Jewellers Katie and Kirst came into the Den seeking a £50,000 investment for a 10 percent equity stake in their business The Workbench London. The Workbench London provides each customer with their own ring making kits that they can design and carve at home, then send off to be polished and cast in London.
Their rings are made using recycled solid silver and people can get their designs engraved.
The pair stated that in 2018 they had a turnover of £129,000, with a net profit of £67,000. In 2019, they had a turnover of £137,000 with a net profit of £70,000. In 2020, they made £150,000 with a net profit of £97,000.
Tej Lalvani wanted to know what their gross profit was but the duo could not remember.
From their muddled response, it was clear to the Dragons’ that they did not know what their gross profit or net profits were.
Kirsty gave a rough estimate for their profit margin on their best-selling product being 72 percent.
Tej explained to them that this must be their gross profit, not their net. Net profit is the amount left after people deduct all their expenses from the profit.
Peter Jones added: “There is no way you could have made that net profit.
“At the moment I’m surprised you’ve even got here because your numbers are appalling, and that’s what concerns me. It’s not okay.
“You can’t come in asking for money, then be all over the place. That worries me immediately, so we need to get to the bottom of those numbers.”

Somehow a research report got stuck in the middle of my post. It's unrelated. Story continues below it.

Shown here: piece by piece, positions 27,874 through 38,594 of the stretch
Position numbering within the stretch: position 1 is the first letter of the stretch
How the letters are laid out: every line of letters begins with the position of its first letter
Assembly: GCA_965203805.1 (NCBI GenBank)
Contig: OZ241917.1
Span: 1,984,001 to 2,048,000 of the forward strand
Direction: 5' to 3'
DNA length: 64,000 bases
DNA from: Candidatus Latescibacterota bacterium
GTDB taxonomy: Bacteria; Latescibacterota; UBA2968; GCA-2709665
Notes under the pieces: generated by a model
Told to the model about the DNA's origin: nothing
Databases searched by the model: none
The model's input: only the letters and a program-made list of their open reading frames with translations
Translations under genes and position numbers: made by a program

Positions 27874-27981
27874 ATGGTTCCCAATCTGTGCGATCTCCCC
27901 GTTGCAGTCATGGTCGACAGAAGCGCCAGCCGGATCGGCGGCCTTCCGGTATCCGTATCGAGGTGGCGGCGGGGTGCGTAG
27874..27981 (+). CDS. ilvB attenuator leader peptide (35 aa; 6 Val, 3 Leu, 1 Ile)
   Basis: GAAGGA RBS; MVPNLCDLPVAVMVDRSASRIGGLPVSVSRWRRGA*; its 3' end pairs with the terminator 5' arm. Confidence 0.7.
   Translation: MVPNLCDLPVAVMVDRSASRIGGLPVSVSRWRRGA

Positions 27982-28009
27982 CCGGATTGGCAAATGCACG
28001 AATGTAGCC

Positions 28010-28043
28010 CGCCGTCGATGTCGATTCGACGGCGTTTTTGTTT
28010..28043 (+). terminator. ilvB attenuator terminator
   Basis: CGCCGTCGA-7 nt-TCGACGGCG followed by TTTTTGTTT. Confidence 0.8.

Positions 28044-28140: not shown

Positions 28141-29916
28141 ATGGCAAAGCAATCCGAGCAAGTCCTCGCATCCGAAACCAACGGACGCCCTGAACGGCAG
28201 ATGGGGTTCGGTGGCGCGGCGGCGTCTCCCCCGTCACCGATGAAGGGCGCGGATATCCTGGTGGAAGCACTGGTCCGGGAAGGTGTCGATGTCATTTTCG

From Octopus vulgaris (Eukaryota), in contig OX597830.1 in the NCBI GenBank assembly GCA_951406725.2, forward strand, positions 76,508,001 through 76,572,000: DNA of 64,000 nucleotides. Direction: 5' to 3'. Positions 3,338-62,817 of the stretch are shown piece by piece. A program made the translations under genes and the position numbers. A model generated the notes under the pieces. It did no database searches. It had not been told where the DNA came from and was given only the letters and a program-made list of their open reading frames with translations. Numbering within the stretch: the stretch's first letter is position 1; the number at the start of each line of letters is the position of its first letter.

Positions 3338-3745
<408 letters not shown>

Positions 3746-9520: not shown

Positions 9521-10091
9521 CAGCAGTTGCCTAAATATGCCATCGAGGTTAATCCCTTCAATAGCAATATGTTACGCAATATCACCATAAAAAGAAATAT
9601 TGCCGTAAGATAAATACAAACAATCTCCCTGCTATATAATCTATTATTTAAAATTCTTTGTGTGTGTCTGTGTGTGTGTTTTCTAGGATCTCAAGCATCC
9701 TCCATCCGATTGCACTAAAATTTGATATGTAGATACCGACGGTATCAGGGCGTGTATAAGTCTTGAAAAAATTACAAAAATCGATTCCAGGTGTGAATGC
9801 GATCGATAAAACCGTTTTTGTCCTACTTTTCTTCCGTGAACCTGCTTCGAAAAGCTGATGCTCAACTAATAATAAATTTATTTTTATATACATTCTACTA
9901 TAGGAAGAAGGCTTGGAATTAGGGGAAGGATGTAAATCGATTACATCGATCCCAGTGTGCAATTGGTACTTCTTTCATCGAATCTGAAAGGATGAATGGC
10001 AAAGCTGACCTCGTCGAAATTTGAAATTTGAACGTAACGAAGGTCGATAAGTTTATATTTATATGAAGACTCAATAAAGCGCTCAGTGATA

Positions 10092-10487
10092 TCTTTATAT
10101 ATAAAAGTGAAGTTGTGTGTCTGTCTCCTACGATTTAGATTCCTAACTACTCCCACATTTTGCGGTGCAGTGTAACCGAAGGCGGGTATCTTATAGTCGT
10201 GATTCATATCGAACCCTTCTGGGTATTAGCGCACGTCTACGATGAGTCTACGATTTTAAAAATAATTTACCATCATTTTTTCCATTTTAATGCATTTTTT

The pair have around £31,000 in the bank and about £3,000 worth of assets. They could not account for where the £90,000 had gone.
Tej told them that this must be their gross profit, not their net. Net profit is the amount left after people deduct all their expenses from the profit.
“You’ve shot yourselves in the foot so unfortunately I’m out.”
She said: “I’m assuming the figures you quoted us were gross profit, not net profit.
“With all due respect I think I have better idea of your business more than what you’ve got, but I think it’s an exceptional product.
“You both are very creative, but you don’t have a business bone between you. If I was to invest in the business, I’d be running it for you.”
She made them an offer of £50,000 in return for 45 percent of the business as she believed she would be putting in a lot of time to help the pair. She would be majority shareholder.
If she eventually got her money back, she would drop down to 30 percent stake, giving them both 35 percent.
Katie and Kirsty both agreed to Sara’s offer.